Let us be clear at the outset: it is entirely unacceptable when a police officer kneels on the neck of a defenceless person until they suffocate. However, it is equally revolting when some take advantage of the tragedy of George Floyd and use it for their political purposes to annihilate opponents.
Brutality of US police is a long overdue problem that roots deeply in American society.
It did not start with the inauguration of Donald Trump as some would like to see it, and it is not only aimed at black people.
It is undisputedly related to the ultraliberal right to keep and bear arms or the enormous social inequalities characteristic of the US.
Clearly, Mr Trump’s highly undiplomatic stint in office so far did not help ease the pain, to say the least. However, the liberal political elite and media can also be made responsible for aggravating an already difficult situation threatening with explosion.
Unfolding ideological battles will most certainly not contribute to eliminating social tensions.
Victims of this battle will continue to be those marginalized and called into fight on either side.
Unfortunately, it is the most symbolic element of this predominantly American social crisis that made its way to Europe, namely the vandalization of statues and historic monuments.
In Great Britain, statues of Cecil Rhodes became a target, who was not only a pioneer of British colonialism and supremacy in Africa, but also a generous sponsor of higher education. Statues of King Leopold II can be found all over Belgium, but certainly not because of the atrocities he conducted in the Congo but because of the development Belgium experienced during his reign. Some are calling now for the removal of his statues. Churchill’s statue was damaged and stained in my hometown Budapest.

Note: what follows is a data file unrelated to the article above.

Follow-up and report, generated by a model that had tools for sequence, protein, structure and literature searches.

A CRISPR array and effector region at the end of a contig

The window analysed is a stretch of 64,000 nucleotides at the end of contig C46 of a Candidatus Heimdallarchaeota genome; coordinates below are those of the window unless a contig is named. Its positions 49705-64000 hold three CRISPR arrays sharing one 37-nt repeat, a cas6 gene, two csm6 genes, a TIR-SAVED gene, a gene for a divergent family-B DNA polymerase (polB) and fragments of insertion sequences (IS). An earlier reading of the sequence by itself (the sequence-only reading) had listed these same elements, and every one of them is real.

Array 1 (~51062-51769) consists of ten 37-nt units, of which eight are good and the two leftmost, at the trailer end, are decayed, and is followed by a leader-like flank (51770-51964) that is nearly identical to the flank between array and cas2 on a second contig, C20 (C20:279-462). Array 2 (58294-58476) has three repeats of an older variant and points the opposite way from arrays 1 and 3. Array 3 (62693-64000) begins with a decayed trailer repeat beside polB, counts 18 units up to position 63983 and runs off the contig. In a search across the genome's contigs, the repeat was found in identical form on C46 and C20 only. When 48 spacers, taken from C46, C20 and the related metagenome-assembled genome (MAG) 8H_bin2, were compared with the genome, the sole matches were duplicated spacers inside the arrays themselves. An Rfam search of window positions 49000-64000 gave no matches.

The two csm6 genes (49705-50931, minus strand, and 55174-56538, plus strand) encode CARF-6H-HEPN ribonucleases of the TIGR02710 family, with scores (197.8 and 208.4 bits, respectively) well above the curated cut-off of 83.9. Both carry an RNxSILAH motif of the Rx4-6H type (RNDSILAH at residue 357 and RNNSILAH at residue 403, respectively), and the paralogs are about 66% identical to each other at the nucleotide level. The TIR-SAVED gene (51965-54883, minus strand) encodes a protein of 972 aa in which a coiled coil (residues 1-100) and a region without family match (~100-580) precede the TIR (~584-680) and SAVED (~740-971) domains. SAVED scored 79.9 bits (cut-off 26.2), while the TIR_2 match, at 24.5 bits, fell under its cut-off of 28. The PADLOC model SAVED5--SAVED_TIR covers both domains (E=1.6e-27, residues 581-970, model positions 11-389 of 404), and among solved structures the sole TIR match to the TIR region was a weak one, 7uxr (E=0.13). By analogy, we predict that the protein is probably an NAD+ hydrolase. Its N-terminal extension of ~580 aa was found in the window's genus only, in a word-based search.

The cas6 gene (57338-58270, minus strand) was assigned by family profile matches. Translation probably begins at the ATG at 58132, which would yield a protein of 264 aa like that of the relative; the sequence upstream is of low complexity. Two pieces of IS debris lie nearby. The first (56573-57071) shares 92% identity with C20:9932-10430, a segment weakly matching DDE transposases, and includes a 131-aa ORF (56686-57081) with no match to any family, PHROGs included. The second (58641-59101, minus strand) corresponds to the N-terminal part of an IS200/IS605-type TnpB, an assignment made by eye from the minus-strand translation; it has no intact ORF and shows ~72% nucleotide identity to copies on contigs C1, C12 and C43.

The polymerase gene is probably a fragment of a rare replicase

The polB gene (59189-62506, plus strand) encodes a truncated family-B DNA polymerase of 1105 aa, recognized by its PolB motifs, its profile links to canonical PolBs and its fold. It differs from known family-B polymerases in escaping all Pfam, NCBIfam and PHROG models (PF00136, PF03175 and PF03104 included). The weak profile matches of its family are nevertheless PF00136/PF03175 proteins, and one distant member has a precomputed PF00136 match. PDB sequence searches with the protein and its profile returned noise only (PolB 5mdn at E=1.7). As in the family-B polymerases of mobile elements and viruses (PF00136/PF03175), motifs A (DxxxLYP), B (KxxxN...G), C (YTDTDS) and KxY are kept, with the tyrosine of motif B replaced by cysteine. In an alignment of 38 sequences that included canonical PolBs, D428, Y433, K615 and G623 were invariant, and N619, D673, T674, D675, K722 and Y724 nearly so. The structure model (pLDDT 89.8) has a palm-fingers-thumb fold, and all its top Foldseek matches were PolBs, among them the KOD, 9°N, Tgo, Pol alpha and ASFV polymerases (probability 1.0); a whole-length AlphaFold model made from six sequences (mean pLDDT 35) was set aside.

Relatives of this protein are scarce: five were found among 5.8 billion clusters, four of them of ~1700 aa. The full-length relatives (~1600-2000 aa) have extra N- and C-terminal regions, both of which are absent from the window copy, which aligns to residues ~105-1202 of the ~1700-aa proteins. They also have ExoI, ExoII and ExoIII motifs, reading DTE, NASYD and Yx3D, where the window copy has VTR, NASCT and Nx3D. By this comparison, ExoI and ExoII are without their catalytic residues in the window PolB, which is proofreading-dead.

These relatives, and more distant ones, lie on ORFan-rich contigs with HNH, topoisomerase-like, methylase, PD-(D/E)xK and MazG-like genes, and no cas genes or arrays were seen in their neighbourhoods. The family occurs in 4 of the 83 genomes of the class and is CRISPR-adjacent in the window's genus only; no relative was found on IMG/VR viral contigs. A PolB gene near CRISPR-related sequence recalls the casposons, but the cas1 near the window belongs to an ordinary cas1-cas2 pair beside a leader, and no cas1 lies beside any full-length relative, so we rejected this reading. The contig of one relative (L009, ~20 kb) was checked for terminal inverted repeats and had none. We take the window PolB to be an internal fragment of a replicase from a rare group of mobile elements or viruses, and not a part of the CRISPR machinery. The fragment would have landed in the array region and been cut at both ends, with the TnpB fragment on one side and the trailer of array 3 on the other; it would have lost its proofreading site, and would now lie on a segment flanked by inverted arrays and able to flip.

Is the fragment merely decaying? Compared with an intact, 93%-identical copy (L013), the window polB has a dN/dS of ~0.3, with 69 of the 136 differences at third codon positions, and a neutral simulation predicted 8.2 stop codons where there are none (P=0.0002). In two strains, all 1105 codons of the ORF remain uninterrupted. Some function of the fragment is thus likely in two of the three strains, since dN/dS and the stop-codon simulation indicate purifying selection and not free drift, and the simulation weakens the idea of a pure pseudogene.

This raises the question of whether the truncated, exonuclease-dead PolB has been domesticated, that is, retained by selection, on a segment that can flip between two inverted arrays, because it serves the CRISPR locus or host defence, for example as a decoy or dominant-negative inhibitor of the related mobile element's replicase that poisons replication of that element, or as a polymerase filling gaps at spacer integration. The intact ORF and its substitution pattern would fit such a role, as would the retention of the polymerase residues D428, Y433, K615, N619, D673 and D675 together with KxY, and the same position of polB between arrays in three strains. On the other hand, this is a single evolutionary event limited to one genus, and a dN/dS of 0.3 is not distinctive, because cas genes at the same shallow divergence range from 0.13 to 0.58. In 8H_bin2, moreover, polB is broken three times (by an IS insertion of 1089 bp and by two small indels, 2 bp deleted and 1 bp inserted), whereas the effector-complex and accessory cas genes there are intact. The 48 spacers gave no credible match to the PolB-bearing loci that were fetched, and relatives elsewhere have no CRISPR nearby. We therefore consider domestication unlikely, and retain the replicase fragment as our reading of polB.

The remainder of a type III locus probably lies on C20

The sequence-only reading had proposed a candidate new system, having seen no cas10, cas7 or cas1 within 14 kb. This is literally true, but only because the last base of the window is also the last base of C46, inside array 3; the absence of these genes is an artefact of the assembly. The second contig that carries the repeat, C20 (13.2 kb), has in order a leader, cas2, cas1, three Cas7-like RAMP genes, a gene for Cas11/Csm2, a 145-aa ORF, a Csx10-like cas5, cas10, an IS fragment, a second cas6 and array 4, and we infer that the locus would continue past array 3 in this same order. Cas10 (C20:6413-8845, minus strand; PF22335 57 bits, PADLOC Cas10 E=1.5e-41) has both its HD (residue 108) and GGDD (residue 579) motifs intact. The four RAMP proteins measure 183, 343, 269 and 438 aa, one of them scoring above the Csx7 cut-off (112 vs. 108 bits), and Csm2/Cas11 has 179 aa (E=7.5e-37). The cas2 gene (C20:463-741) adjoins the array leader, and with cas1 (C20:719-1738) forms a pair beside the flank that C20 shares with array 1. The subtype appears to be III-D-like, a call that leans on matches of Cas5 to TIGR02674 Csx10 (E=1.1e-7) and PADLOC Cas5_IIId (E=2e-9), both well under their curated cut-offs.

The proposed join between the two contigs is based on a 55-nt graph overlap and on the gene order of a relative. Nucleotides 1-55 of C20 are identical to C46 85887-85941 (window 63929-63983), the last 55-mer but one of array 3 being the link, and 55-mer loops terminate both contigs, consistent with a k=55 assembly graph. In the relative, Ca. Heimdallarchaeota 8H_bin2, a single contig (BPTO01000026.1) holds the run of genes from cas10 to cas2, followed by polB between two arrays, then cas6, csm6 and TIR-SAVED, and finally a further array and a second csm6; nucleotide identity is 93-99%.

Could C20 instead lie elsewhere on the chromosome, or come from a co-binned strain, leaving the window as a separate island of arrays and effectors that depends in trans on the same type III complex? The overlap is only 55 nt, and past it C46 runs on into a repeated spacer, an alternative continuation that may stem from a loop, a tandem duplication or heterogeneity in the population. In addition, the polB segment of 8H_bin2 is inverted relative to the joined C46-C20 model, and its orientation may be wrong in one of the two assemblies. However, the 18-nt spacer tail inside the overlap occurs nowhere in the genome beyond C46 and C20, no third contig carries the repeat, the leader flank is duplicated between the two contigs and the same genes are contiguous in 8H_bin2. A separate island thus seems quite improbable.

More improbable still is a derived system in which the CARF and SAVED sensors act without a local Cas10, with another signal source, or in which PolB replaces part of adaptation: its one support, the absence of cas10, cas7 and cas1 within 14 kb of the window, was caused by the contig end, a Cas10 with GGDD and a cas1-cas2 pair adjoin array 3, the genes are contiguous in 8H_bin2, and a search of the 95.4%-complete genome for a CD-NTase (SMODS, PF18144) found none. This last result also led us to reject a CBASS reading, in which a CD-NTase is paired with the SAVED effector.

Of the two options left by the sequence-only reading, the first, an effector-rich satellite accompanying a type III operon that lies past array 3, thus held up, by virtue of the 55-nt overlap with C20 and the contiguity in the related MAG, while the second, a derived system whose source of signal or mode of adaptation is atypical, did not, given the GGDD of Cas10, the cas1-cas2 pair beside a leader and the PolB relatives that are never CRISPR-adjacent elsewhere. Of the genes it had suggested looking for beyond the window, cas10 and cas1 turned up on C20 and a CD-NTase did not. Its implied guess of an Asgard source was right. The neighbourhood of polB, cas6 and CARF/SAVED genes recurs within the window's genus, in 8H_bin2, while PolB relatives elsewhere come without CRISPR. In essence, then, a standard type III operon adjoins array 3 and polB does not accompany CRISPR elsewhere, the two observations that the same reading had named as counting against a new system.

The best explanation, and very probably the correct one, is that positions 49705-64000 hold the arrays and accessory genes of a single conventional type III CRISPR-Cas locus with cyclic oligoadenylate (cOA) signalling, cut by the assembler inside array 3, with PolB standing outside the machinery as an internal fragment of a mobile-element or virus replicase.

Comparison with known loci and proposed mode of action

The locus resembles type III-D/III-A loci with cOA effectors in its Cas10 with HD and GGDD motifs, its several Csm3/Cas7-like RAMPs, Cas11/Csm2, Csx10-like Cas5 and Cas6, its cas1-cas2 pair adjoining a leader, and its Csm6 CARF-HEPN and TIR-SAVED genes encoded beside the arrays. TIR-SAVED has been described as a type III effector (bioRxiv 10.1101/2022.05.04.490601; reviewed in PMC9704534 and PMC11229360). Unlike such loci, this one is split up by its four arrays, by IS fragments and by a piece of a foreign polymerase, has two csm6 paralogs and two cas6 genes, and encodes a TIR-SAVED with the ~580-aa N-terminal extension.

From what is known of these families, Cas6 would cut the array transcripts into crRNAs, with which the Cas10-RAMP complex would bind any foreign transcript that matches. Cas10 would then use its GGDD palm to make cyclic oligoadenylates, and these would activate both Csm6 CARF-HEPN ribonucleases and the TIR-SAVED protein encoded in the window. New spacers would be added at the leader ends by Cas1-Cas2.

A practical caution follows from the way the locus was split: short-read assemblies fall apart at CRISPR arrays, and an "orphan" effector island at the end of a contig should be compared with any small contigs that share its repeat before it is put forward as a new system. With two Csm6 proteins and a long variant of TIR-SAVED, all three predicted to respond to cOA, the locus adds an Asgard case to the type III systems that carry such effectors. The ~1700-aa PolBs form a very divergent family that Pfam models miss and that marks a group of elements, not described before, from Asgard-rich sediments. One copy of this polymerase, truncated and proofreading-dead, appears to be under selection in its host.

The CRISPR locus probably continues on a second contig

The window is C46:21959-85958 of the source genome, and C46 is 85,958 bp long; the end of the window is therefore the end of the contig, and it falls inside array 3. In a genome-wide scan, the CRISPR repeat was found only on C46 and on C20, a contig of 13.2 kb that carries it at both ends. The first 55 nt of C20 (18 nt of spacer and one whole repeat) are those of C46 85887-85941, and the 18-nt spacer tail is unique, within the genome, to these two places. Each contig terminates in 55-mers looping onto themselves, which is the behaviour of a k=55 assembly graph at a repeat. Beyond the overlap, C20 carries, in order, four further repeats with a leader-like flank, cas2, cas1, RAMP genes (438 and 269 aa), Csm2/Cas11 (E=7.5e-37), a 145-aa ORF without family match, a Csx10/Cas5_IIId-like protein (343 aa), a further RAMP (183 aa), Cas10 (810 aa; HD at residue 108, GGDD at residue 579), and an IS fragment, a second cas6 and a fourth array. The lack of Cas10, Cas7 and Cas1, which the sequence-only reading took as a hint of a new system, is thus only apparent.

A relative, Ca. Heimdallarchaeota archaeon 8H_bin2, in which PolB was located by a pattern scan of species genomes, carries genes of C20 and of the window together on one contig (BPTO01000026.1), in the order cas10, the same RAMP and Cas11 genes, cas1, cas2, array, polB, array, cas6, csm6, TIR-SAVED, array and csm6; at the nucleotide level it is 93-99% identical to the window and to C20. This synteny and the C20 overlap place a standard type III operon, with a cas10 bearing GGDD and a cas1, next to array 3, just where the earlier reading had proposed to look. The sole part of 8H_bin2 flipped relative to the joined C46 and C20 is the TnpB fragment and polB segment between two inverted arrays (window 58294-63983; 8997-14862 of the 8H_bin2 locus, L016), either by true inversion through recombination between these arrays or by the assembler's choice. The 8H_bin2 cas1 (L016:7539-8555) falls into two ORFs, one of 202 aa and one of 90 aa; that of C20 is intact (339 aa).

Such developments are extremely distracting for several reasons.
If the Western civilization has any real value and advantage compared to other cultures, it must be freedom and plurality of expression that allows for a nuanced, layered and complex set of opinions and interpretations of – inter alia – history.
Through functional institutions such as parlamentarism, free academic and scientific research, media or civil society the plurality of opinion has shaped the collective memory of entire societies whereby historical figures such as the ones named above received their place in a nation’s pantheon, with all their greatness but also their failures and sins.
Americans or Western Europeans, who have experienced a linear development of democratic pluralism in the past centuries, might not appreciate this as much as those raised in post-Communist reality, where there is a continuous attempt to re-write and re-interpret history according to the taste of prevailing elites.
This mentality is a living legacy of Bolshevism, which is set to tailor everything to its own one-dimensional vision, eradicating everything that does not suit its beliefs. However, as Bolshevik-minded protagonists are visibly and abundantly present in Western elites, especially since the 1968 movement, developed democracies seem to be equally vulnerable to this tendency.